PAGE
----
Today the Natural History Museum will welcome its 25 millionth visitor since December 2001, when the admission charge to the Museum was removed by Trustees with financial support from the Department for Culture, Media and Sport. But, despite the huge role the Museum can play during the economic downturn, only around half of Britons (45 per cent*) even know that entry to the Natural History Museum is free.
Dr Michael Dixon, Director of the Natural History Museum, comments, ‘Since general admission charges were removed seven-and–a-half years ago, we have seen our visitor figures more than double – reaching 3.7million last year – but it is astonishing that so many people don’t know we are free. With the summer holidays fast approaching, families will be looking for ways to entertain their children, but they may well be under increasing financial strain due to the economic downturn. A visit to the Natural History Museum or other free, national museums, can be a truly inspirational experience, taking people away from the realities of every day life for
The Natural History Museum is famous for its beautiful Victorian building with galleries ranging from the Hintze Hall (formerly the Central Hall) and Mammals, home to the iconic Diplodocus and blue whale, to the Earth Galleries and Human Biology, all of which are free to visit. However, the Natural History Museum is also a world-leading science research centre and from September 2009, when the Darwin Centre opens, visitors will be able to explore the collections, interact with scientists and see for themselves how the collections we care for are helping to address current issues such as air quality, the impact of climate change on biodiversity, the causes of disease and the maintenance of delicate ecosystems around the world.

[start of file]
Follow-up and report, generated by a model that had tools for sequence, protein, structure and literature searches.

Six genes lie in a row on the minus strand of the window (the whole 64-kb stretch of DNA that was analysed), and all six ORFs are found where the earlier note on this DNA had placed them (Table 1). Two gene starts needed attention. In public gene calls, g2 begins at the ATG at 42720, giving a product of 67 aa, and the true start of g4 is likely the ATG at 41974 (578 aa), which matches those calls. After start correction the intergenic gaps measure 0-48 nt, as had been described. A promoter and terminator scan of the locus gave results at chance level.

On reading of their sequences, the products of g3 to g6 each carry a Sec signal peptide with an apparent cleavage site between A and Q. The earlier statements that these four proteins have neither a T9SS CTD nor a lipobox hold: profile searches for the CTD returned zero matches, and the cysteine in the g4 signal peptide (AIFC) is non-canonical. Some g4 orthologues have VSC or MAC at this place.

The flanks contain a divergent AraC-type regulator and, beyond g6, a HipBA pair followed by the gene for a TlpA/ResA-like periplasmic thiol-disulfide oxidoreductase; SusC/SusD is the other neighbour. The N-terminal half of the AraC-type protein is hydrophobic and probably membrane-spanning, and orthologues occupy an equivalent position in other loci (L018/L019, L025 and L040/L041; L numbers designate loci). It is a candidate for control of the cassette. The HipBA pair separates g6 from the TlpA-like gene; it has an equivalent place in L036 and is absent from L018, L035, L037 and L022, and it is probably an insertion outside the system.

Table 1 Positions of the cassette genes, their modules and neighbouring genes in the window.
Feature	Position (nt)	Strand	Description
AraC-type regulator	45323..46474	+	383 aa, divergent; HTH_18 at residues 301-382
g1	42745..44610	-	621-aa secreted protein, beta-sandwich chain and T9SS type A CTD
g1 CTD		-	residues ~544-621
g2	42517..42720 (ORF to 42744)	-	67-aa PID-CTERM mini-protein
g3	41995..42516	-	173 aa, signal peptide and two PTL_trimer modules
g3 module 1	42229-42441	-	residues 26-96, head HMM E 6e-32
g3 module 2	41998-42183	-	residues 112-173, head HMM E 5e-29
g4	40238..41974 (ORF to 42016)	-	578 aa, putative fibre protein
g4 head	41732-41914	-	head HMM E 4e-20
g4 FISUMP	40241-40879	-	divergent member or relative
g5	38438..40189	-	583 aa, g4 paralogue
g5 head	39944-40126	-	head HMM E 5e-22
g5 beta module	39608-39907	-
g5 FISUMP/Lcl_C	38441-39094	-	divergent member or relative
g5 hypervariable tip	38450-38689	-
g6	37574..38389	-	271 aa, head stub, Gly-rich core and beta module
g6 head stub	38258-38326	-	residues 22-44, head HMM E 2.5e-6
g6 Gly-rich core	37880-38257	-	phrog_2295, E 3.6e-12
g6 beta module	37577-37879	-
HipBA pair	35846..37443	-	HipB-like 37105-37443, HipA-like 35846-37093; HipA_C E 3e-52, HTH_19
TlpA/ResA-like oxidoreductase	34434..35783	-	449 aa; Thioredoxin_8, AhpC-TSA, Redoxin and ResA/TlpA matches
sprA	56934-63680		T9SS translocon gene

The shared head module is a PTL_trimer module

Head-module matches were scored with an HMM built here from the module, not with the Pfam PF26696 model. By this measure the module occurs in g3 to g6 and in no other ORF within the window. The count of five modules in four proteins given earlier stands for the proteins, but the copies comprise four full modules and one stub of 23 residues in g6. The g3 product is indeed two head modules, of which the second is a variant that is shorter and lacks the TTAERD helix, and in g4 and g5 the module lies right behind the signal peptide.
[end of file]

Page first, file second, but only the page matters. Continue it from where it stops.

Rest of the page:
Dr Dixon adds, ‘As well as offering visitors a fascinating day out at no cost, the Natural History Museum has a much wider role to play in the recession. The Museum is an internationally important visitor attraction – up to 40 per cent of our visitors are from oversees – that helps support London’s tourist economy and encourages oversees visitors to spend their money locally.
The Natural History Museum also plays a role in stimulating the knowledge based economy in Britain, not just through its world-class scientific research but also with art, design, media and industries having drawn inspiration from us. We also benefit from hundreds of volunteers each year who do anything from explaining evolution to children to pinning thousands of beetles which is a rewarding experience for volunteers of any age of background, particularly at a time of economic difficulty.’